Assessing response of myeloma bone disease with diffusion-weighted MRI

Br J Radiol. 2012 Dec;85(1020):e1198-203. doi: 10.1259/bjr/52759767.


Objectives: To measure apparent diffusion coefficient (ADC) values in patients with active myeloma and remission and to determine whether changes differ in those responding/progressing on treatment. The relationship between changes in marrow fat and ADC was also explored.

Methods: 20 patients were recruited. T(1 )weighted, T(2) weighted, short tau inversion-recovery, diffusion-weighted and two-point Dixon MRI of the lumbar spine and pelvis were performed at baseline, 4-6 weeks and 20 weeks.

Results: ADC values of active disease (mean 761.2 ± 255×10(-6) mm(2) s(-1)) were significantly higher (p=0.047) than marrow in remission (mean 601.8 ± 459×10(-6) mm(2) s(-1)). Changes in ADC in responders showed a significant increase at 4-6 weeks (p=0.005) but no significant change between baseline and 20 weeks (p=0.733). ADCs in progressing and stable patients did not change significantly between either time point. Pearson's correlation coefficient between change in fat fraction and change in the number of pixels with an ADC of ≤655×10(-6) mm(2) s(-1) was 0.924, indicating a significant correlation (p<0.001).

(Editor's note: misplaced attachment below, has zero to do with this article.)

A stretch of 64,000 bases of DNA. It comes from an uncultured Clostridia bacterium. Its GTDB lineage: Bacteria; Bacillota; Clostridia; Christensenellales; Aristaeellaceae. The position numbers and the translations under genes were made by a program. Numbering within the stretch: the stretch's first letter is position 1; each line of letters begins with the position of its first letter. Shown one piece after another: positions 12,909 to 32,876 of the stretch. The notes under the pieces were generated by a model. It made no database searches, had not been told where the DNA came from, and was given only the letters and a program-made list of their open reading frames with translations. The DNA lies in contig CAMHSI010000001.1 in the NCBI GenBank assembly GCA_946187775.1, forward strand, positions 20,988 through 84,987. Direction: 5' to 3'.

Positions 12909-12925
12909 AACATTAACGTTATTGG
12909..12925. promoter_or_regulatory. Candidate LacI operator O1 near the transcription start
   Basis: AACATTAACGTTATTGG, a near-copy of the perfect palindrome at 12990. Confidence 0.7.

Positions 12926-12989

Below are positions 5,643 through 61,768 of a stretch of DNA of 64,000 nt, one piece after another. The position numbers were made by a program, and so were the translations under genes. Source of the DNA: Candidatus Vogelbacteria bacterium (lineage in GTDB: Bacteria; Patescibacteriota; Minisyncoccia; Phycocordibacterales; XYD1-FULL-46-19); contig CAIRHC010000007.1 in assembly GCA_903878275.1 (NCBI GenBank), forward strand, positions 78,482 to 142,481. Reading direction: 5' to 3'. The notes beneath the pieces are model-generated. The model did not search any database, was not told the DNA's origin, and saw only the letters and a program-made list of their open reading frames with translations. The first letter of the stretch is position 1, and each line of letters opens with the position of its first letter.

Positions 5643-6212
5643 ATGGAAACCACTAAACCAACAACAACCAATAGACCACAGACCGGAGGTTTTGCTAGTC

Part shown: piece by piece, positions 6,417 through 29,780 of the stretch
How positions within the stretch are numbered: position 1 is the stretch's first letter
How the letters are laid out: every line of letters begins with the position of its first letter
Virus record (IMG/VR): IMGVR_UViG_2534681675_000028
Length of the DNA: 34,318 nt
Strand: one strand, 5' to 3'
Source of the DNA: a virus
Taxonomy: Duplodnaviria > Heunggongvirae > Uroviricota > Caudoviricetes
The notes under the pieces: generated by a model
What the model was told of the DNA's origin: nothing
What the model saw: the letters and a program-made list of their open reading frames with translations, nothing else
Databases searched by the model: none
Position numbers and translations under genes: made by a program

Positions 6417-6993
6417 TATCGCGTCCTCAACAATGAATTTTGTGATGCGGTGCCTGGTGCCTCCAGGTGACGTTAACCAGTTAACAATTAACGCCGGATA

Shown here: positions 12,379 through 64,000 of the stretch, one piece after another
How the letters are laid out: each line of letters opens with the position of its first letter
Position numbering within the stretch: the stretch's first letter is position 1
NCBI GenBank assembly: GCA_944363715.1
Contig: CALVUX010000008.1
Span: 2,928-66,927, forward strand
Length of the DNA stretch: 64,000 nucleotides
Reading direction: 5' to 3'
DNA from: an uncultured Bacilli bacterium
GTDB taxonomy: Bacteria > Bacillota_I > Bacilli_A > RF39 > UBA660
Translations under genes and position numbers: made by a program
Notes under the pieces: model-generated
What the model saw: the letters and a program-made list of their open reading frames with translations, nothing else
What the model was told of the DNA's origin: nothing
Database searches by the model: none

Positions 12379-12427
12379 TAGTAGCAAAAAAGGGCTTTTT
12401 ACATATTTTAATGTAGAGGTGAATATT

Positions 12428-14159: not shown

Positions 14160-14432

Conclusion: ADC values in active myeloma are significantly higher than marrow in remission, indicating the potential for diffusion-weighted MRI to quantify the transition from active disease to remission and vice versa. This study confirms significant changes in ADC in patients responding to treatment and indirect evidence from two-point Dixon MRI suggests that these changes are influenced by changes in marrow fat.

Advances in knowledge: ADC of active myeloma is significantly higher than marrow in remission; the direction of ADC changes on treatment is dependent on the timing of measurements and is influenced by changes in marrow fat.

Publication types

  • Research Support, Non-U.S. Gov't

MeSH terms

  • Aged
  • Bone Marrow Neoplasms / pathology*
  • Case-Control Studies
  • Diffusion Magnetic Resonance Imaging / methods
  • Female
  • Humans
  • Lumbar Vertebrae
  • Male
  • Middle Aged
  • Multiple Myeloma / pathology*
  • Prospective Studies